It was cold the day police entered the little house on Marquette Street in Oceanside. They’d been called to Cindy Conaway’s home because her friends became concerned when they couldn’t reach her for several days, starting in mid-January 2012.
Conaway’s closest friends knew she was a prostitute and that she brought clients to her rented house. It was only a mile or so from the coast, a tiny place, 630 square feet. One bedroom, one bath.
Oceanside police knocked and called out but got no answer. The doors and windows were locked. The landlords, a married couple, lived nearby, and they were able to let police in. Later, investigators became suspicious. The landlords seemed aware too soon that a computer system and other items were missing from Conaway’s rental home.
Police noted the surveillance camera outside, attached under the eaves. But when they entered the home, they could see that the monitor was missing from its wall mount.
Conaway was found dead in her bedroom. There was obvious trauma to her body. A homicide team was called.
Detective Marilyn Johnson collected Conaway’s little black book from the bedroom. “The journal was found on a bedside table,” she recalled. Inside the book were many names and phone numbers. “There were over five hundred entries.” From these, Detective Johnson saw that the victim had used names other than “Conaway.”
The detective noticed that “the toilet seat was up.”
A medical examiner was requested on scene to inspect the body as it was found.
The Medical Examiner
Dr. Jonathan Lucas said of Conaway: “She was face down, wearing only a shirt.” The body lay on the bed, naked below the waist. The doctor found obvious blunt-force trauma to the head and defensive wounds on the back of one hand. From the blood evidence, he surmised that the victim had been beaten to death.
The victim wore a wig on top of her own hair, and Dr. Lucas said that this had blunted the force of the killing blows. The extra cushioning also affected the shape of the wounds, making it more difficult to deduce what kind of weapon had been used in the beating.
Dr. Lucas said that Conaway had started life as a man. “Yeah, that’s correct. Genetically, she was born a male. Both testicles were removed surgically. What we call an organ-ectomy.” Conaway still had a penis. And breast implants.
It was difficult for Dr. Lucas to determine the exact time of death. It had occurred a minimum of four days earlier, perhaps up to seven days. The doctor took into account the recent cold weather. The day police found the body, January 21, 2012, it was raining in Oceanside.
Detective Johnson found a safe in Conaway’s bedroom closet. Inside the safe were costume jewelry and video recordings of Conaway with customers. From the videos, police could see that Conaway had at least three different cameras set up to secretly record her encounters. Conaway was seen on her knees or seated in a chair in her living room, with customers. Detective Johnson said that “numerous different men” had been recorded.
The detective reviewed 20 clandestine recordings and concluded that at least six male customers had been videotaped.
Too Many Suspects
Investigators discovered that Conaway had several safes around her house, perhaps as many as six or seven. One large safe was noticeably missing, the one that usually sat on the floor by her bedroom door.
Detective Johnson spoke to friends of the deceased. Some said they had worked as prostitutes, too, at some point in their lives. Forty-one-year-old Dora said she’d known Conaway since she was a teenager. Conaway had showed her how to survive. She said that Conaway did not use drugs or alcohol herself, but supplied those things for her customers. Cops were aware of Dora’s criminal history, and they suspected that Dora may have been supplying drugs to Conaway, who then resold them.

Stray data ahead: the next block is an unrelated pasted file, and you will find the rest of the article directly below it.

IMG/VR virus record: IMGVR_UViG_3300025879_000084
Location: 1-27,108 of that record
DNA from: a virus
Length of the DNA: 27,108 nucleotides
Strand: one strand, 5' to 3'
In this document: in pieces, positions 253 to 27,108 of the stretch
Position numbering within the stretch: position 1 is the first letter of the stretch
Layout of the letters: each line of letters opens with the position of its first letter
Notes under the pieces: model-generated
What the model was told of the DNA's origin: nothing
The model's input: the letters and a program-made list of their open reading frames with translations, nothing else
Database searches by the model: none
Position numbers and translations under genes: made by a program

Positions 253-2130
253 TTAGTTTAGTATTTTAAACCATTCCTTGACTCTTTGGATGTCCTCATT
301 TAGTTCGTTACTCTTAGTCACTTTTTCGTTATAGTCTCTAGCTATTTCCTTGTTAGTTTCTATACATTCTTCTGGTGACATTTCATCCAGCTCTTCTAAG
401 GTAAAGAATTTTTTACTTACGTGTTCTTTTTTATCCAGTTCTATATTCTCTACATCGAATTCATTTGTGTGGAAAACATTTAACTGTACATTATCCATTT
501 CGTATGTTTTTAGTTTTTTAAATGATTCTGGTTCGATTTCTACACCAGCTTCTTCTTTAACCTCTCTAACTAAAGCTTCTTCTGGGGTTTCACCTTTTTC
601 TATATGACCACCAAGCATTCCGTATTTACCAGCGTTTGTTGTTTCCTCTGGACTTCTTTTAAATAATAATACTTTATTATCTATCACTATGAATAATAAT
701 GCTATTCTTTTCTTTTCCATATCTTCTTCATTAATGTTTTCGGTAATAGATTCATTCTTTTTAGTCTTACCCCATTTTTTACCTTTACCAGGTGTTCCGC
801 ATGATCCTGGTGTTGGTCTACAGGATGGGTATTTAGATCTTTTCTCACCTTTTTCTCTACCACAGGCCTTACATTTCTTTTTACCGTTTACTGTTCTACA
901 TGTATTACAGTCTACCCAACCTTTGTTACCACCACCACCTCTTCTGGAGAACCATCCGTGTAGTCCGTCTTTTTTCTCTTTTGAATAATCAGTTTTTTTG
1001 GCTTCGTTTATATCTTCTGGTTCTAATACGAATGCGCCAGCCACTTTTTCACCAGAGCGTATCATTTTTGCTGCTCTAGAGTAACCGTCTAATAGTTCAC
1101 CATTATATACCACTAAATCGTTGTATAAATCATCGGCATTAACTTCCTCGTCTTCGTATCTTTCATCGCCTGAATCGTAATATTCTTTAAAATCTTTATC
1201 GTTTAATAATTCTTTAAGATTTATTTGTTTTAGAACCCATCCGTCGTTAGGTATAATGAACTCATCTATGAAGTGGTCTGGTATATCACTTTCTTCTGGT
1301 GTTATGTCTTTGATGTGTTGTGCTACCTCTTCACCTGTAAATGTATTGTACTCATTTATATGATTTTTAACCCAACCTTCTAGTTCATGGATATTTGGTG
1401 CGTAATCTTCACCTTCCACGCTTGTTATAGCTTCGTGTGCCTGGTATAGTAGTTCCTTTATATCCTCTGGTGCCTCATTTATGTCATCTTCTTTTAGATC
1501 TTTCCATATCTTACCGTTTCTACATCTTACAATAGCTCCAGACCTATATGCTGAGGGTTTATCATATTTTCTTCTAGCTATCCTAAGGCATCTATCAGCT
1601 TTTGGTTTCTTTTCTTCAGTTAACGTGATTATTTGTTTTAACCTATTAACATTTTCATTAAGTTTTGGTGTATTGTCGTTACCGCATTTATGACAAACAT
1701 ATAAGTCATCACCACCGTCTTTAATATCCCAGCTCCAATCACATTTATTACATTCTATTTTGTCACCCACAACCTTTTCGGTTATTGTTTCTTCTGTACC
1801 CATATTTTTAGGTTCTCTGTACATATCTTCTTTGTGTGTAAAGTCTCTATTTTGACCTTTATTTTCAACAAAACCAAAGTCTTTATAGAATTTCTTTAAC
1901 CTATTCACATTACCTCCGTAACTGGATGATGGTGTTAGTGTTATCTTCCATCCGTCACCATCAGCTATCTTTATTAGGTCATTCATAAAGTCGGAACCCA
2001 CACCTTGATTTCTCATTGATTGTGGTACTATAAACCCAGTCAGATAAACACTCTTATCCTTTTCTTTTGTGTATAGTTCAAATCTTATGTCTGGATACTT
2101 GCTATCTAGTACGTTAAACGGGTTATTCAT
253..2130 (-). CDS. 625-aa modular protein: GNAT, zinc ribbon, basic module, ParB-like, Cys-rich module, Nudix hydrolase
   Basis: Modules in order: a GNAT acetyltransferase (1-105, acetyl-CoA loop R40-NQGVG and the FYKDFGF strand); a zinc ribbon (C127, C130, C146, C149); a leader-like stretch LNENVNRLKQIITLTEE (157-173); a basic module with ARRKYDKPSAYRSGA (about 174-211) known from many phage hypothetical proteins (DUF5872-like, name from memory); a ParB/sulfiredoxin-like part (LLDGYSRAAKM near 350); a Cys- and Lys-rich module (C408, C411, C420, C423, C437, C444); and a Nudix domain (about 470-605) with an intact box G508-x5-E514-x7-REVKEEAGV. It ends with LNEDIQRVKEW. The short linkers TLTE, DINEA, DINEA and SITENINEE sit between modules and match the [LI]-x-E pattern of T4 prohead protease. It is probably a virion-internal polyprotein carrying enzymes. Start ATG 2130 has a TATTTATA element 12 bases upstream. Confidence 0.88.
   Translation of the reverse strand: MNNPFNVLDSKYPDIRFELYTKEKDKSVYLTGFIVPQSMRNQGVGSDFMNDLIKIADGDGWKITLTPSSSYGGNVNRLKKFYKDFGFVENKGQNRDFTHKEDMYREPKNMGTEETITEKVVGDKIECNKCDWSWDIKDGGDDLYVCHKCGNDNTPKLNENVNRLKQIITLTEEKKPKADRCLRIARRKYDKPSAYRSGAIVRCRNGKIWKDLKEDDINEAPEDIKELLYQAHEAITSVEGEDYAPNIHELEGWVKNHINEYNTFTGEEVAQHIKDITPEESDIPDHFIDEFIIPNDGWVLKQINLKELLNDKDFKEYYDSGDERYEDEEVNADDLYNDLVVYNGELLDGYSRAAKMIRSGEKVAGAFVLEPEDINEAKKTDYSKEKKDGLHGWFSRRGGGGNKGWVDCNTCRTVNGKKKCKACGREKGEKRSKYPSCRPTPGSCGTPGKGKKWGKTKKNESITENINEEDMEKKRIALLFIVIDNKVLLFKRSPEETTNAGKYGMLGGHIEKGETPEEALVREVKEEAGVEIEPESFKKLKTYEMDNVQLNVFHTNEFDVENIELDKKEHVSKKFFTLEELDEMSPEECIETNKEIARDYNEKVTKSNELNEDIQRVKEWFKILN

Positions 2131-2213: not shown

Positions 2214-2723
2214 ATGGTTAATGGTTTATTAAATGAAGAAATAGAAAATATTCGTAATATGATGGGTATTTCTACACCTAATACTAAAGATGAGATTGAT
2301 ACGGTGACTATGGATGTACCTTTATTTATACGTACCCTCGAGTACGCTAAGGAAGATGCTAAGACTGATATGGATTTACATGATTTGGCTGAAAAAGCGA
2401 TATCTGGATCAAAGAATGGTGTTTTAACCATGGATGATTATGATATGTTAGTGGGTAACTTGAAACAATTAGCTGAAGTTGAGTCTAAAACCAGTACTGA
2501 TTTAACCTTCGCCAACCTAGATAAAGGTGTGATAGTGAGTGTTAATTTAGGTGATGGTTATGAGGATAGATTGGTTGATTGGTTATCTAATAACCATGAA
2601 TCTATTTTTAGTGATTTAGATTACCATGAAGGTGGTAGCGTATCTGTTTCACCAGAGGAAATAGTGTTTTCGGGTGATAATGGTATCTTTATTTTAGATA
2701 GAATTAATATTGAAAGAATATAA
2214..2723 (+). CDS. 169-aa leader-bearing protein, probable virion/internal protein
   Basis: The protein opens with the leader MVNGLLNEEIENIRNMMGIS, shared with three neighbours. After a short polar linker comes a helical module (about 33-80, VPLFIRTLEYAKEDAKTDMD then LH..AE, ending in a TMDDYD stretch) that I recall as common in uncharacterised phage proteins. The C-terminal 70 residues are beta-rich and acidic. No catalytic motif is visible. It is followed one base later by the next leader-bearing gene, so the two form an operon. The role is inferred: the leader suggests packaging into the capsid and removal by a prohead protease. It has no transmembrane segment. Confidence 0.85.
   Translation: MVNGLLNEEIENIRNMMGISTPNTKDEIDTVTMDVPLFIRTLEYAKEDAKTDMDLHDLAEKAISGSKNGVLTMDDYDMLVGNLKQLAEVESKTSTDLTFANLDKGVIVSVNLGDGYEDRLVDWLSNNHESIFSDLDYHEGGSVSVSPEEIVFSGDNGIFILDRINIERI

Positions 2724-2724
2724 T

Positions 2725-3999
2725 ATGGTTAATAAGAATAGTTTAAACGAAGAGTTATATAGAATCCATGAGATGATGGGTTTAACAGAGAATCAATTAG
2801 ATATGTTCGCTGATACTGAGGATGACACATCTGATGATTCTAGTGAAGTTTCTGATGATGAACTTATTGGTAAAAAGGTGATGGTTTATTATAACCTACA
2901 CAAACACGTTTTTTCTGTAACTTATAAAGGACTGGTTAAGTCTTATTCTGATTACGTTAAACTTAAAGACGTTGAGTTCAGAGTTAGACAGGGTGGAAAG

Dora seemed to be the only one who knew that a certain small safe was missing from Conaway’s home.
Investigators followed a tip that led them to interview a white male who admitted he’d seen Conaway about a week earlier. He was “just friends” with Conaway; he “bought drugs” from her. The last time he’d seen her, she was getting dressed up to go out, putting on a skirt and boots. It was about 7:00 p.m. on Friday night, January 13; the man said he’d left around that time. Conaway’s little dog was there, and Conaway’s gold Mustang was parked outside. Police later looked hard at this man’s sister, who’d pawned jewelry in the days after Conaway was killed.
Conaway’s friends told cops that she was careful and safety-conscious; she would not allow people to drop by unannounced; she had deadbolt locks installed at her home. Conaway told friends she was worried about a certain black Marine who was threatening her.
Then again, everyone seemed to agree that Conaway was a compassionate person. She was known to pick up strangers, or “strays,” and bring them home, feed them, and let them take a hot shower.
There was a friend who lived in the same neighborhood who told cops that Conaway “absolutely did not” loan out her car to anyone. This person said she noticed that the Mustang had been missing from its usual parking spot in front of Conaway’s home “for several days.” She told cops that Conaway had a man’s strength; the friend was sure the killer must have been somebody Conaway knew and trusted, to be able to overpower her and catch her off guard, right there in her own bedroom.
Cops found Conaway’s Mustang parked about four miles away, in the parking lot of a huge apartment complex, also in Oceanside. It was parked at the farthest, easternmost corner of the lot, in space number 99.
Conaway’s Black Book
Detective Johnson reviewed the names and phone numbers in the little black book she’d collected from Conaway’s room. She connected phone numbers with addresses; she was looking for persons who lived nearby. One of the names that Johnson came up with was Tyree Paschall.